The Latest from our Blog

Last night Maternova hosted the RI premiere of the documentary [‘Girl Rising’](, a film created by 10 x 10 as a call to action and social impact statement. [The Cable Car Cinema in Providence]( was gracious enough to host the screening for us. All 100 seats were sold prior to the showing. We were excited and ready to see the film which has sprung into the top 10 on the New York Times list
We thought we'd share with you, dear readers, why we are bullish on our for profit social enterprise marketplace approach to global health technologies. 1) Suppliers and manufacturers: suppliers and manufacturers are accustomed to dealing with other businesses. We find that being a business and operating with business principles is optimal when negotiating contracts with suppliers and manufacturers. 2) Like products should be marketed together: the status quo is that there are now literally hundreds of global health entrepreneurs all going after many of the same markets. Each time, the entrpreneur has to learn the ropes from scratch, often spending years in the process. We think it is a no brainer for like products to be marketed together in one online marketplace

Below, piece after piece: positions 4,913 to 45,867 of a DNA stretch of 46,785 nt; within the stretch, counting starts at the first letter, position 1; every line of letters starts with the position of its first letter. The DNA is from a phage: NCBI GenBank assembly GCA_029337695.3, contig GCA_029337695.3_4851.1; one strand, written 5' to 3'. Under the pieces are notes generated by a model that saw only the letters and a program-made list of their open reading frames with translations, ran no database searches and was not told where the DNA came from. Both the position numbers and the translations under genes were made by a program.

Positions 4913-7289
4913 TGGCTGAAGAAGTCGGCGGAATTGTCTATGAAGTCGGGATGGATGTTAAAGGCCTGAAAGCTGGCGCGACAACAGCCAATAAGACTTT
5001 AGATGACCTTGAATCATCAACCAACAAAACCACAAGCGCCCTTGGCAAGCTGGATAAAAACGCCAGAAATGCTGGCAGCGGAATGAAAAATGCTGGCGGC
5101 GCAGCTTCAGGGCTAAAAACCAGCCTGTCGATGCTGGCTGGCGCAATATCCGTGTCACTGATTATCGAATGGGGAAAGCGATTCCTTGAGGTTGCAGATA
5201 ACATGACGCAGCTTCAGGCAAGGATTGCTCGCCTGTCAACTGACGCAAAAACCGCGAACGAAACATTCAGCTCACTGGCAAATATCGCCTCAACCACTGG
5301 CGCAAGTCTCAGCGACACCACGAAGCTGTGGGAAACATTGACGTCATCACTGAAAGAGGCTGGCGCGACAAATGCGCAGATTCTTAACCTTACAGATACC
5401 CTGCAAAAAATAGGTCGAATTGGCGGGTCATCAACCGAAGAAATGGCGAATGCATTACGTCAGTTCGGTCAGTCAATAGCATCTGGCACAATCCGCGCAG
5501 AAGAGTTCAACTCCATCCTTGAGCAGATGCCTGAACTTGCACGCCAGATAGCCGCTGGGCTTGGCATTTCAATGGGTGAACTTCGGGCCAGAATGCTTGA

Our last blog covered Ethiopia's health extension workers-- a massive scale-up on non-clinicians who have helped the child mortality rate to plummet over the last decade. Dr. Tedros Adhanom, the former Minister of Health, stated in an address at Georgetown University, "Our community-based Health Extension Program actually exceeded its target by training and deploying over 38, 000 health extension workers countrywide." How exactly did they do it in just three years?
The team here at Maternova never shies away from tackling the controversial and heavy handed news. We devote a good part of each day scouring the web and talking to caregivers – in order to get the skinny on what’s really going on in the world. Sometimes we’re met with unexpected joy, but more often it’s a mix of horror and shock.
In Ethiopia’s battle on maternal and newborn health, women increasingly comprise the front lines, the infantry, and the battlefield itself. Over the past decade, an all-female “army” of Health Extension Workers has been deployed, in pairs and by the thousands, deep into the rural villages of Africa’s second most populous nation.
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